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I have an array of 40 numbers drawn from a normal distribution with an unknown mean and standard deviation.

data = [8.10, -7.60, 1.80, 7.30, 2.60, 2.30, -5.60, 3.30, 1.60, -7.80, 3.20, 

2.20, 2.40, 4.50, 9.50, 1.50, 2.20, 1.10, 1.20, -9.50, -5.40, 3.40, 1.70, 1.30, 1.90, 2.20, 2.50, -9.70, 1.70, 3.00, -1.10, 4.10, 1.80, 1.90, 1.80, 2.30, -4.40, -1.00, 1.00, 8.60]

I can easily find the sample mean and sample standard deviation from this data set. How would I go about find finding the probability of the mean and standard deviation of the distribution the data are drawn from?

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    $\begingroup$ You could assume a prior distribution for $\mu$ and $\sigma$ and update it to a posterior distribution based on your observations. $\endgroup$
    – Henry
    May 3 at 0:33
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    $\begingroup$ Incidentally, your observations do not look as if they were drawn from a normal distribution, as they are all integers and are the values from $0$ to $40$ appearing once each, apart from $15$ which does not appear $\endgroup$
    – Henry
    May 3 at 0:34
  • $\begingroup$ My mistake, I grabbed the wrong numbers. I made the correction. $\endgroup$
    – billyyank
    May 3 at 1:50
  • $\begingroup$ Answering this question should be useless to you, because even the new data aren't remotely close to Normally distributed. $\endgroup$
    – whuber
    May 3 at 12:25
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I agree with @Henry that your data don't appear to be normal. Integer values could result from rounding data from a continuous distribution. They might have come from a discrete uniform distribution on integers $0$ through $40.$ but results seem too regular to be a random sample.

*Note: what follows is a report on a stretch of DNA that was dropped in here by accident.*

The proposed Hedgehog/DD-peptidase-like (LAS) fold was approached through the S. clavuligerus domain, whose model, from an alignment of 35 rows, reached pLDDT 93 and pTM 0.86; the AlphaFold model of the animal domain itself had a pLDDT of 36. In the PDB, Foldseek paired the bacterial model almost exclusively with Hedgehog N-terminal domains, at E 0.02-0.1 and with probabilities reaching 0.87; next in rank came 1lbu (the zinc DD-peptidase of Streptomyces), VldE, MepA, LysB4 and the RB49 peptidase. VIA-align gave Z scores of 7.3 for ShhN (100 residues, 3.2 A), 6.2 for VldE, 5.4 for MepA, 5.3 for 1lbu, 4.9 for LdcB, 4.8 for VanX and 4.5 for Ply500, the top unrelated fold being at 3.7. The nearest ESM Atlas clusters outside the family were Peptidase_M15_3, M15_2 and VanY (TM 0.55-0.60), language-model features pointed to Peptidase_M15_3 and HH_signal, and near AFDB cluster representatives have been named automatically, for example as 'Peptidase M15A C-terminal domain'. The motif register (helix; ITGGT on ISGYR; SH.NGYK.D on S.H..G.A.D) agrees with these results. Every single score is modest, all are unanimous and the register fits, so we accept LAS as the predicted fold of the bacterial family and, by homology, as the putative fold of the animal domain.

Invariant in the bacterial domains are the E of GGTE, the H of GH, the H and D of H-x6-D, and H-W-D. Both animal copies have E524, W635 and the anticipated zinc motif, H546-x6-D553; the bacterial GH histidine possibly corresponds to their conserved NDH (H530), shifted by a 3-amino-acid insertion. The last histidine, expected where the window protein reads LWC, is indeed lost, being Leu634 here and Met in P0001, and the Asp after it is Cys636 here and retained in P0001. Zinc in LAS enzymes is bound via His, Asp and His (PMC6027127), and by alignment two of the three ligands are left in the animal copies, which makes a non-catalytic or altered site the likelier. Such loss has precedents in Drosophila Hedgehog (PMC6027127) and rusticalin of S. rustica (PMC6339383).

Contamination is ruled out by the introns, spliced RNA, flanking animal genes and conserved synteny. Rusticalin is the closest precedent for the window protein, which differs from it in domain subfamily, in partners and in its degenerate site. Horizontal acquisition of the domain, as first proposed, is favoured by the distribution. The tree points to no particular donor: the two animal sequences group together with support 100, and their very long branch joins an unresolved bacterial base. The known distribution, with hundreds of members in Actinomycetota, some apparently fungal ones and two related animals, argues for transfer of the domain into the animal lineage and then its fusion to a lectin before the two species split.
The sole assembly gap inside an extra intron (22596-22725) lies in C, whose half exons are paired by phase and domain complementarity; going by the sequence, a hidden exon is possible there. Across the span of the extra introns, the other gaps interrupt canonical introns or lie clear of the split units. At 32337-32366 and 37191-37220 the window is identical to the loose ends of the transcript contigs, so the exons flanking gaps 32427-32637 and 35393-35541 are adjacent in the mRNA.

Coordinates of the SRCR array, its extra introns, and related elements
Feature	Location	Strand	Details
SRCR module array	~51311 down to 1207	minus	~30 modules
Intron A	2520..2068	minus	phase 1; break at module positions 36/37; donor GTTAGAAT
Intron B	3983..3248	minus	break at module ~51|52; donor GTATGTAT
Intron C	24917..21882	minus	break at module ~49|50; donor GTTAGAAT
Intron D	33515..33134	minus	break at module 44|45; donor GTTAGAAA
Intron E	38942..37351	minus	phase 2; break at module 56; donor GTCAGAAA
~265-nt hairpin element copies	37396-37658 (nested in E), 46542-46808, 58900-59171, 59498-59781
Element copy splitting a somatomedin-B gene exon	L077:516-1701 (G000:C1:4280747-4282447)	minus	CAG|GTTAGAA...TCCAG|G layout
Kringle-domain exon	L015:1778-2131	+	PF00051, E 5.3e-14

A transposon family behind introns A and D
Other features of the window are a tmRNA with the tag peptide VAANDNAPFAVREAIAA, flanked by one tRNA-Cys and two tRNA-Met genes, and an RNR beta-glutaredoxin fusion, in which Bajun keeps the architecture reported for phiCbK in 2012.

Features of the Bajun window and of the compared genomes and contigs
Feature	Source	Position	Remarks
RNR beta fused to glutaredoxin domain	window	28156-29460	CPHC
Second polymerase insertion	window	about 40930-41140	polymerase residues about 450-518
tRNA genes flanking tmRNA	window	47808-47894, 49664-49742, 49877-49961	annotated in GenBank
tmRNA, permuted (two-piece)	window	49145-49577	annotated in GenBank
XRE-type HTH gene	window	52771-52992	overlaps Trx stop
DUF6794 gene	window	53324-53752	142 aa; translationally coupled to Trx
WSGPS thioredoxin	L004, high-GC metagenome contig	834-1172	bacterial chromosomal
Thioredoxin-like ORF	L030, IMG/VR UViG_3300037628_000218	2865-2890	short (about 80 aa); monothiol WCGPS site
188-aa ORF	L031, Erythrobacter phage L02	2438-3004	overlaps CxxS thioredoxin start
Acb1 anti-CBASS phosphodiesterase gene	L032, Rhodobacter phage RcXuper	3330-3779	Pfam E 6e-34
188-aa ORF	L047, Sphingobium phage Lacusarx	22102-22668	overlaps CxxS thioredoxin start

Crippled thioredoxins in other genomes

sort(x)
 [1]  0  1  2  3  4  5  6  7  8  9 10 11 12 13 14 16 17 18 19 20
[21] 21 22 23 24 25 26 27 28 29 30 31 32 33 34 35 36 37 38 39 40

This time, the missing number if $5.$

summary(x); length(x); sd(x)
   Min. 1st Qu.  Median    Mean 3rd Qu.    Max. 
   0.00    9.75   20.50   20.12   30.25   40.00 
[1] 40         # sample size
[1] 12.10465   # sample standard deviation.

Points in a normal probability plot (QQ-plot) is distinctly nonlinear.

qqnorm(x); qqline(x, col="green2", lwd=2)

enter image description here

In R, you can select a sample of size 40 from integers 0, 1, \dots, 40 (41 values) and get 40 of the 41 observations, as follows. One possible number will be omitted (in your case it was $15.$

set.seed(2021)
x = sample(0:40, 40)
sort(x)
 [1]  0  1  2  3  4  6  7  8  9 10 11 12 13 14 15 16 17 18 19 20
[21] 21 22 23 24 25 26 27 28 29 30 31 32 33 34 35 36 37 38 39 40

This time, the missing number if $5.$

It is not clear what you mean by "...finding the probability of the mean and standard deviation of the distribution the data are drawn from."

If you intended to ask about confidence intervals (CIs) for the population mean $\mu$ and population standard deviation $\sigma,$ then I would be hesitant to use methods based on a normal population.

If the sample is truly not random, then there is not much point trying to find confidence intervals--or doing any other kind of inference for $\mu$ and $\sigma.$

If you really do have a discrete uniform distribution on $0$ through $40,$ in which each of the $41$ values has probability $1/41,$ then the population mean $\mu=20$ and SD $\sigma = 11.83216$ can be found as follows:

k = 0:40
mu = sum(k*1/41); mu
[1] 20
sg = sqrt(sum((k-mu)^2)*(1/41)); sg
[1] 11.83216

If it is now somehow clear that you didn't ask the question your intended, please revise your Question (don't leave easily overlooked comments), and maybe someone can be more helpful.

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